The matrix or block length is 8 pixels. The one-dimensional transformation results in a matrix size of 1×8. The transformation into the one-dimensional matrix and the retransformation of the spectral block into a block are of the same type, for example, DCT and inverse DCT. If several adjacent blocks are interfered with, an average gray or chromaticity value is inserted at the locations where the blocks meet. The error detection circuits 26 can be formed by one or a few ICs CRC Generator/Checker 9401 Fairchild TTL Macrologic, See Fairchild, Bipolar Microprocessor Databook, Macrologic from 1977 of the firm Fairchild, 464 Ellis Street, Moutain View, Calif. 94042. FIGS. 11-16 show hardware to implement DCT Circuits 31 and inverse DCT circuits 35. For one-dimensional transformation the hardware shown in FIGS. 11-16 is needed once, for two dimensional transformation the hardware is needed twice, serial or parallel. In practice the hardware is needed ten times to transform the borders of the neighbouring blocks 13-16 of block 12. The different coefficients of transformation and inverse transformation are stored in ROMs (Read only memory) 87 S 421, see Interface / Bipolar LSI / Bipolar Memory / Programmable Logic Databook of NationaI Semiconductor Corporation, edition 1983. FIGS. 11-16 viewed from FIG. 11 (top) to FIG. 16 (bottom) together show a single circuit which depicts hardware components. The formula for a one- and a two-dimensional transformation are as follows:
-QE-=-T- * -E
-QE-=-T- * -E- * -T-
-QE- is the matrix of transformed digital video signals, i.e. transformed digital gray or chromaticity values.
-T- is the transformations matrix, i.e. DCT, with transformation coefficients.
-E- is the matrix of digital video signals, i.e. of digital gray or chromaticity values.
The formula for a two-dimensional retransformation is as follows:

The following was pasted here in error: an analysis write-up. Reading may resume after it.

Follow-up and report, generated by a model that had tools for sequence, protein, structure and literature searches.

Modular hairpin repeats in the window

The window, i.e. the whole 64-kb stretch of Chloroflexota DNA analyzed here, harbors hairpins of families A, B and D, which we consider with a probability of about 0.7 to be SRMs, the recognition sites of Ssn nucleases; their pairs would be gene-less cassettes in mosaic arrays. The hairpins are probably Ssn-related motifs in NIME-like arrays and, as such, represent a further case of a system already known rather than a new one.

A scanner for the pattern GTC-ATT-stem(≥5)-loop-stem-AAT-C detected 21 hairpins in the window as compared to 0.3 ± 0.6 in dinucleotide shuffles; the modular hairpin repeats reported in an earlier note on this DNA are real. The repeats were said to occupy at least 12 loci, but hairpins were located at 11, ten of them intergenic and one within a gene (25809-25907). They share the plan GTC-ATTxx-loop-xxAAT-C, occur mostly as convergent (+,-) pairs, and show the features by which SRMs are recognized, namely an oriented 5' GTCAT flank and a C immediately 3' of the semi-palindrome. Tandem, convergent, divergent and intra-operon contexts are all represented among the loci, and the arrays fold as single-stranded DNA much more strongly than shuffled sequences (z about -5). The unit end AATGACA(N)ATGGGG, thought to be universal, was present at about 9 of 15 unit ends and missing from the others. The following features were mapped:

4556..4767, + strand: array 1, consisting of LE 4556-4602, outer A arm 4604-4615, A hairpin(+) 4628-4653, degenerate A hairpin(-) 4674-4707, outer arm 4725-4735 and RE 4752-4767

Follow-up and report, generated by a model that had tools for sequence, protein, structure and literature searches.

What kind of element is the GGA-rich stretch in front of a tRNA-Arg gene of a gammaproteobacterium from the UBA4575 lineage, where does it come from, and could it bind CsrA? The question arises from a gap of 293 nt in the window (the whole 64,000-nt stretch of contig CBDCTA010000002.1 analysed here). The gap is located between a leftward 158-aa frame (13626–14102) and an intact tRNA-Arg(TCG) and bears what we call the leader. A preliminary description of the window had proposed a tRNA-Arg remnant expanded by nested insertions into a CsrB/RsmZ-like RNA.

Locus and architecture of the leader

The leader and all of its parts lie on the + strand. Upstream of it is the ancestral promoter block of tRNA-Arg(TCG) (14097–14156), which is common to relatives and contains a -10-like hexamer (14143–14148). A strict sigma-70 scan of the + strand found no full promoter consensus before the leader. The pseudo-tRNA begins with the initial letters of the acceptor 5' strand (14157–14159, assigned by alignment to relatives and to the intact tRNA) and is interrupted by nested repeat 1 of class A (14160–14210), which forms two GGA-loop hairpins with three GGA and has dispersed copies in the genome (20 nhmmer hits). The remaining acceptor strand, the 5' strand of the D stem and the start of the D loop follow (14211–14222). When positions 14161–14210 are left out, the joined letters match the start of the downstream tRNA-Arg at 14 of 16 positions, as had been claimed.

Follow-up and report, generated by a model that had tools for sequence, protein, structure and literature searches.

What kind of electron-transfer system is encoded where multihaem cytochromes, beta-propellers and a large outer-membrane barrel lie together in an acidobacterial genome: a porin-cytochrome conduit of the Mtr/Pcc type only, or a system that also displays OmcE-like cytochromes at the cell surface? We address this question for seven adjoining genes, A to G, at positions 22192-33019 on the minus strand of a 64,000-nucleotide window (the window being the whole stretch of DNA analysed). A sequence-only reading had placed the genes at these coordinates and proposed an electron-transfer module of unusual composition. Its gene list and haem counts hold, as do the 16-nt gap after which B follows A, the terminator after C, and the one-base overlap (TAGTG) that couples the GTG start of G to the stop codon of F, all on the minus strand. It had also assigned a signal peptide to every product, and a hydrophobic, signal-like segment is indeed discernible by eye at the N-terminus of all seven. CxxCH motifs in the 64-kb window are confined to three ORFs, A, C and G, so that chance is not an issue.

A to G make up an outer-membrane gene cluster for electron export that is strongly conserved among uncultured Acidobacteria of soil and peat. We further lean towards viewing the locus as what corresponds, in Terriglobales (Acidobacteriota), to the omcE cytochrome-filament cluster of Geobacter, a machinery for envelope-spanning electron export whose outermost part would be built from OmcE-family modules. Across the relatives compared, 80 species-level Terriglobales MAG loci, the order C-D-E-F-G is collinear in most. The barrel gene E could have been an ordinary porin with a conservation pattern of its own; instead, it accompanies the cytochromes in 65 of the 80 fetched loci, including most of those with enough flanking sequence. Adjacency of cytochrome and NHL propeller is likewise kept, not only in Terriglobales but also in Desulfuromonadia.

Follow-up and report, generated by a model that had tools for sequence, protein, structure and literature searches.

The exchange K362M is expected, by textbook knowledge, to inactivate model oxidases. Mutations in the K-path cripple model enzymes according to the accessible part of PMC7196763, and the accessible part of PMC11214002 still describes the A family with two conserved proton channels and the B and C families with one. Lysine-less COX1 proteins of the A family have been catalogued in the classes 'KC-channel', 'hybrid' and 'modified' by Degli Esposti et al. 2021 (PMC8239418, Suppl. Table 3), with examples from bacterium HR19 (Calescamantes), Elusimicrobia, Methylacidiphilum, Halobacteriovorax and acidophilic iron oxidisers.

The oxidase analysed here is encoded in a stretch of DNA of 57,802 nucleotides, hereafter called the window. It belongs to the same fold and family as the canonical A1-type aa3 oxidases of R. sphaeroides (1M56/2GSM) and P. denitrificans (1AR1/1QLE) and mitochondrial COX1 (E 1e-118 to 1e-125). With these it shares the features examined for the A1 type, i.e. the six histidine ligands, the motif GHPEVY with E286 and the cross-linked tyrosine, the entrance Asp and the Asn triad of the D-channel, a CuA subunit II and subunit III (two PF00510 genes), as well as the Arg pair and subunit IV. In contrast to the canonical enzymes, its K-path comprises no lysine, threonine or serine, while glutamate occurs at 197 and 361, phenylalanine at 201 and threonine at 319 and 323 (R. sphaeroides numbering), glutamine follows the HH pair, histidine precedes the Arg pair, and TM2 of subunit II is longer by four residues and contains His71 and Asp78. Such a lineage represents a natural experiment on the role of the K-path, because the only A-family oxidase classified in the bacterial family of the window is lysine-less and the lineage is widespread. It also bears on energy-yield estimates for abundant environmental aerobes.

-A-=-TI- * -KA- * -TI-
-A- is the matrix of retransformed digital video signals.
-TI- is the retransformation matrix
-KA- is the matrix of transformed digital video signals.
-QE- is the matrix of transformed digital video signals before passing the transmission channel 5 and after passing the channel and after the interference 6 -QE- has changed to -KA-. S1(1), . . . , S4(8) are one-dimensional spectral coefficients of -QE-, S(1,1), . . . , S(8,8) are two-dimensional spectral coefficients of -QE-.
The estimation of the spectral values for block 24' (FIG. 6) can be improved by not using a 1×8 transformation from the neighboring blocks but by using instead, for example, a 2×8 transformation. With directional image contents, for example, lines, it is possible to learn from the 2×8 spectral values whether or not these lines intersect the borders of the block at an angle of approximately 90° and thus are continued in the block in a logical manner compared to the opposite block. In the case of a 90° angle, all values of the second line equal zero in a 2×8 spectral block.
The estimation of the spectral values in block 24' (FIG. 6) can also be expanded to all 8×8=64 values if it is appropriate to make the respective estimation from all four block edges.
The estimated spectral value (i,j) results as follows (See FIGS. 3 and 6):
S(i,j)=[±C / (min(x,y)-1) ] * (S1(1,j)±S3(1,j) * (S2(1,i)+S4(1,i)] exp 1/2
i and j are greater than 1,
and the following combinations are used in the above formula:
if i is even: S1(1,j)-S3(1,j)
if i is odd: S1(1,j)+S3(1,j)
if j is even: S2(1,i)-S4(1,i)
if j is odd: S2(1,i)+S2(1,i)
if S1±S3 >0 and S2±S4 >0:+C
if S2±S3 <0 and S2±S4 <0: -C
If an adjacent block (13, 14, 15, 16, 40-43 in FIG. 2) is likewise defective, it is generally better, instead of using an average gray or chromaticity value at the respective edge, to take the respective edge from block 12 (FIG. 2) of the preceding frame or to take the already interpolated edge block from the current frame.